Where The Mars Is

Hey, sky fans. Thanks for spending some of your Saturday night here. I’ve got the bottle of Traquair House Ale, and the “Meatballs” on the ol’ DVD machine.

Tonight’s full moon, May’s, is called the Flower Moon because of the… you know… the… the flowers, which were brought by the April showers. You also may have read that it’s a seasonal blue Moon. Most people these days think of a blue Moon as the second full Moon of month. A seasonal blue Moon is the third of four in a season. Either way, remember, it’s not actually going to be blue. If you’re a fan of blue moons of any flavor, make sure you soak it up tonight. The next monthly blue Moon is a ways away, at the end of January 2018.

Well, it’s raining here, but hopefully the skies are better where you are, and you can see tonight’s meeting of Mars, Saturn, which is just a couple fingers-at-arm’s-length-away, the Flower Moon, and the bright star Antares in the southeast sky. To remind you, this clique will be at its highest when it reaches due south at around 1am Sunday morning, but it should be visible all night once they get above the buildings, mountains, elephants, trees, or ballparks that block the low part of the sky.

If you can see it, you might have noticed that Mars is really bright, kind of alarmingly bright, for such a small planet—it’s the second smallest major planet in the solar system, only about 4,200 miles across, which is a bit more than half the diameter of the Earth, and it’s about 50 million miles away. Tonight, Mars is at opposition, which means the Sun, Earth, and Mars are in a straight line. This arrangement can happen anywhere along Mars’s and Earth’s orbits as long as the line between the two and the Sun is straight. This happens about every 16 months. These days, Mars is as bright as its been since 2003.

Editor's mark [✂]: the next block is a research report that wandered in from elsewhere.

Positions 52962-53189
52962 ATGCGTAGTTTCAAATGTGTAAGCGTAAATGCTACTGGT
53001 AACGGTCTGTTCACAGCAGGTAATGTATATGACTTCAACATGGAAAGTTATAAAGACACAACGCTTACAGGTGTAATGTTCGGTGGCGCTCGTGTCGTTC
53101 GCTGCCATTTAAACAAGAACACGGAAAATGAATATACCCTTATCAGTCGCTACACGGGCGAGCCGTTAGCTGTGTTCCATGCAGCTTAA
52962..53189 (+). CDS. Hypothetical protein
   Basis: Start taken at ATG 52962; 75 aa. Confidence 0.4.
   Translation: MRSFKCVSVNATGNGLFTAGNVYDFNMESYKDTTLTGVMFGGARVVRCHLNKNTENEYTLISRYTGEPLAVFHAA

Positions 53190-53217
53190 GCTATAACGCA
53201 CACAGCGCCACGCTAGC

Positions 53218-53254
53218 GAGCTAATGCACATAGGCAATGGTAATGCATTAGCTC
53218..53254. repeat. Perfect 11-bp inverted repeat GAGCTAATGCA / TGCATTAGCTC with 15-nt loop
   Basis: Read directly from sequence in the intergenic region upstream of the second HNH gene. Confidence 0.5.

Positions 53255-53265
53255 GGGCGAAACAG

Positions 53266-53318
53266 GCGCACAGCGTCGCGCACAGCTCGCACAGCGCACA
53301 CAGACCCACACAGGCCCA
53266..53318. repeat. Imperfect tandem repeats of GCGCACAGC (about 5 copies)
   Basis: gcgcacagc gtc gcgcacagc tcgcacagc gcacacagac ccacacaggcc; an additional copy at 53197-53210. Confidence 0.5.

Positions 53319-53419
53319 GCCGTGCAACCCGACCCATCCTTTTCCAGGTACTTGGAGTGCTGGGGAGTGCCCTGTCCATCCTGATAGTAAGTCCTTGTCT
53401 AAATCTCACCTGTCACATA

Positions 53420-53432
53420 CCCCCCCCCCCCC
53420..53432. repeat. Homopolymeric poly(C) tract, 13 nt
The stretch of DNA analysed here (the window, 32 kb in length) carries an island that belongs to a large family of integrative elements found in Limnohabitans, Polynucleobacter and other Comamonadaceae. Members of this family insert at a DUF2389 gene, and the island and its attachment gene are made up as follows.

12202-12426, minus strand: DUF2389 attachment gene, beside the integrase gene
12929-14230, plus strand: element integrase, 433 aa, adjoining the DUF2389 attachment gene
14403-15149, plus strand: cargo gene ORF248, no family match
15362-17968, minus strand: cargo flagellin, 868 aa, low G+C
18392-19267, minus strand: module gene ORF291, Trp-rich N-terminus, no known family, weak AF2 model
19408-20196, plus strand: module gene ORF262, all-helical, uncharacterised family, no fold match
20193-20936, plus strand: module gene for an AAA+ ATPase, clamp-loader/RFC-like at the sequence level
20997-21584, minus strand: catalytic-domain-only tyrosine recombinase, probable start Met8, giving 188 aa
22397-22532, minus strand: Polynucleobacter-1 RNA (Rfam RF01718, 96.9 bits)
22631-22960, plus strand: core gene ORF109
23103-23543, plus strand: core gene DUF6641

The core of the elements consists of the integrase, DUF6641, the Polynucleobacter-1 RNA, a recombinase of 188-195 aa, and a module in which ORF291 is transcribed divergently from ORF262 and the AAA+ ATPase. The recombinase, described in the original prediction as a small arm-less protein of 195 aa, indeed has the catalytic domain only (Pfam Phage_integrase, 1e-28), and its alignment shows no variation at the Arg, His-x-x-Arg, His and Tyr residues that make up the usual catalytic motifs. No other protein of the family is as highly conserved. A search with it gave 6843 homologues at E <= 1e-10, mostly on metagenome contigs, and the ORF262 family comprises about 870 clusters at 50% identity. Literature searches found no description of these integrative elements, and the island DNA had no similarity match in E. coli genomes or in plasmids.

Since the line is straight, Mars’s face is fully lit as we see it from Earth. If this sounds familiar, this is the same arrangement as when the Moon is full: The Sun, Earth and Moon are in a straight line. So, by a terrific coincidence, both Mars and the Moon are at opposition tonight. Yep, there’s lots of big rocks out there reflecting a lot of sunlight straight back at us. When that line is off to one side or the other, less of the face is lit, and the Sun’s light isn’t reflected back as directly, just like staring straight at a flashlight is brighter than off to the side a bit. This, this being off to one side or the other, is what we see as the Moon’s phases.

Interestingly, even though Mars is at opposition, it’s going to keep getting brighter for another few days. The orbits of the planets aren’t circles, they’re ellipses. Their orbits aren’t perfectly centered around the Sun, and the these eccentricities aren’t in the same places relative to each other. Nothing’s concentric. At the moment, the Earth is moving farther from the Sun in its orbit, which it will keep doing until it reaches aphelion – it’s farthest point – in early July. Meanwhile, Mars, in its orbit, is moving closer to the Sun. This means the Earth and Mars are moving closer to each other – Earth outward from the Sun; Mars inward. Mars’ll reach its closest point to the Sun, it’s perihelion, on May 28th. It and the Earth will be at their closest point to each other, their closest approach, for this trip around the block on the 30th and 31st. It’s close, but this isn’t quite their perigee. That’s their nearest possible points to each other. This time, close but no cigar.

Have a look at these very-not-to-scale sketches I made. On the left, you’ll see tonight’s opposition, when the Sun-Earth-Mars line is straight. On the right, is next week’s closest approach, when the line isn’t straight but the orbits are closer. Hopefully, they’ll give you a better idea of what I’m going on about.

_____ skies, everyone!

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